Against this backdrop, the Chinese government is pressing ahead with cybersecurity legislation that has been in the works since last year, and prominent academics who work on cybersecurity policy are calling for greater restrictions on white hats.

In June, the National People’s Congress, China’s legislature, began reviewing a second draft of the Cybersecurity Law, which has been harshly criticized for requirements that data be stored locally. The new draft includes a requirement that “network operators…respect social morality and commercial ethics…accept supervision from government and the social public, and bear social responsibility.” It also outlaws “software or tools for the specific use of making network intrusions”—software frequently used by security researchers to test networks.

Even more alarming, the new draft criminalizes both security research and vulnerability disclosures that are not in accordance with the “relevant state provisions” as well as penalizes any form of assistance for such activities, including sale of network intrusion tools or other “activities harming cybersecurity”. Individuals found guilty of these crimes are subsequently banned from working in “cybersecurity management and network operations for the rest of their lives.”

Commenting on the proposed law, Chinese experts have complained about the growing black market for vulnerabilities, and praised the draft law for authorizing vulnerability regulation and criminalizing vulnerability disclosure.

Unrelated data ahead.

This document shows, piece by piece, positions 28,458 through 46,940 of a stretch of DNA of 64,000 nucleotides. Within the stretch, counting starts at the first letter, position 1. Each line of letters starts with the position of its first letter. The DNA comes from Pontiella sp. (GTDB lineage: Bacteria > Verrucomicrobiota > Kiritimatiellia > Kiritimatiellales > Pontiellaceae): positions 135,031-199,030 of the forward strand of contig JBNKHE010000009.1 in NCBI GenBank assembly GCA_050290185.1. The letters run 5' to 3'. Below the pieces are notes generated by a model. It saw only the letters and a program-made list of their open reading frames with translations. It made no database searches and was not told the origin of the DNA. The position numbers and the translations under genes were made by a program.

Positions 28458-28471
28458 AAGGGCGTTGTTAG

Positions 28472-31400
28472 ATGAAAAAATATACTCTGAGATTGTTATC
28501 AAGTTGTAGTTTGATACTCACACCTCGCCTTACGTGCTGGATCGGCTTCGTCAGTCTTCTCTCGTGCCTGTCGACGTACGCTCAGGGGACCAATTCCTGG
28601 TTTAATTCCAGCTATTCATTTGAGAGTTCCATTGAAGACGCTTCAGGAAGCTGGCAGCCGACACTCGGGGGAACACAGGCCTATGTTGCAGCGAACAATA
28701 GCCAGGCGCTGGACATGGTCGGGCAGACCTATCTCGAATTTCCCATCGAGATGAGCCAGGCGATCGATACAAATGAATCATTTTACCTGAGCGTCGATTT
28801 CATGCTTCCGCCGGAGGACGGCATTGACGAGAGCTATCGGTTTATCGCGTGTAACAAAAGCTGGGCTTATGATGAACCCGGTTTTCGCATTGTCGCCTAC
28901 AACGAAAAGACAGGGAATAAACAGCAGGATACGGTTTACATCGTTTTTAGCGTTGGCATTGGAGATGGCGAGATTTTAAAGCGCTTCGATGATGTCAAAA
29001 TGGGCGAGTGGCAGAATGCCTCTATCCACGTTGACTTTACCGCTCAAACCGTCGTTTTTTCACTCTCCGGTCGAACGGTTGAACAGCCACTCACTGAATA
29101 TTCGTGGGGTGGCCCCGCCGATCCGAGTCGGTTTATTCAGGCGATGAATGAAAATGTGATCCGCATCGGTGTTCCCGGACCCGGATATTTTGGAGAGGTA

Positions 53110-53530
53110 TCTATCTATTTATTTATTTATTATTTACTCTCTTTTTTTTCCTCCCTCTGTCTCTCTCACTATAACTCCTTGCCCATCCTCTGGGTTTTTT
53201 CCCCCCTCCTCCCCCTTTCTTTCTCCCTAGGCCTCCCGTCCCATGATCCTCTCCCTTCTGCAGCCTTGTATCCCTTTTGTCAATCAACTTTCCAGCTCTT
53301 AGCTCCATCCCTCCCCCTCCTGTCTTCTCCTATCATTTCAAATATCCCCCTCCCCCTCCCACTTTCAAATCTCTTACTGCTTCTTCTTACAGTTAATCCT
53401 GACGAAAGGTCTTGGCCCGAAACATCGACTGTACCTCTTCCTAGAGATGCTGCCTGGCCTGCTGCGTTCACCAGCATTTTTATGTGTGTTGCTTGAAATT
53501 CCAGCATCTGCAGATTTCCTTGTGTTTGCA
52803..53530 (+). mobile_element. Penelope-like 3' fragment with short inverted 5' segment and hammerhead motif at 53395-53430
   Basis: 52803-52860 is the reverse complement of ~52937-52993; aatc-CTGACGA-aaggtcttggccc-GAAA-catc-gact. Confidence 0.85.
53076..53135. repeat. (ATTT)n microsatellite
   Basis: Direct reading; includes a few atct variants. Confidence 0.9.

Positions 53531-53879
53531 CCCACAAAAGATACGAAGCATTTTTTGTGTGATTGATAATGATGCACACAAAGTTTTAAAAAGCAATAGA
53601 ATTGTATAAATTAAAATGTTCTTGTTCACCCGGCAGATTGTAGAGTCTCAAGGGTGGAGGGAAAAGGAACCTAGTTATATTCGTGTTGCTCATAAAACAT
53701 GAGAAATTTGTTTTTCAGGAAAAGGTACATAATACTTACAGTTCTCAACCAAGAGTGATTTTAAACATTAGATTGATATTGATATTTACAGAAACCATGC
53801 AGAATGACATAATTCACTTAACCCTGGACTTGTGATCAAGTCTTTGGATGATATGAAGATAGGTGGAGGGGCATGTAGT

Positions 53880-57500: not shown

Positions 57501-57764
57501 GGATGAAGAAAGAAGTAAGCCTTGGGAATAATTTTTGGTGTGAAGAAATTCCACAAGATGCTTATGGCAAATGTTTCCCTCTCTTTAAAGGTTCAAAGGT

Weighing in on Yuan Wei’s arrest, one expert writes that white hat hackers need the “affirmation and encouragement of the internet security industry” and that laws protecting their rights need to be perfected. But he goes on to recommend making it illegal to disclose vulnerabilities in a computer system without the express permission of the system’s owner, and suggests looking to the Wassenaar Arrangement, an international agreement forbidding the export of network intrusion software, for guidance on how to regulate vulnerabilities while continuing to encourage security research—never mind that cybersecurity experts have roundly critiqued the pact for stifling research.

Chinese security researchers are increasingly leading the world in vulnerability discovery—just this weekend, a team of Chinese researchers demonstrated a way to hack the autopilot feature of a Tesla Model S. And yet taken together, the newest draft of the Cybersecurity Law and comments on it by Chinese legal and cybersecurity experts offer a bleak outlook for Chinese white hats. There seems to be a growing consensus among Chinese legislators, regulators, and academics that security research needs to be severely restricted. While the Cybersecurity Law still needs to be finalized and passed, and implementation regulation have yet to be drawn up, the newest draft of the law represents a sharp move towards outlawing white hat hacking. The Chinese government frequently claims that China is the world’s “biggest victim of cyberattacks.” If they wish to improve that situation, criminalizing security research is the wrong way to go.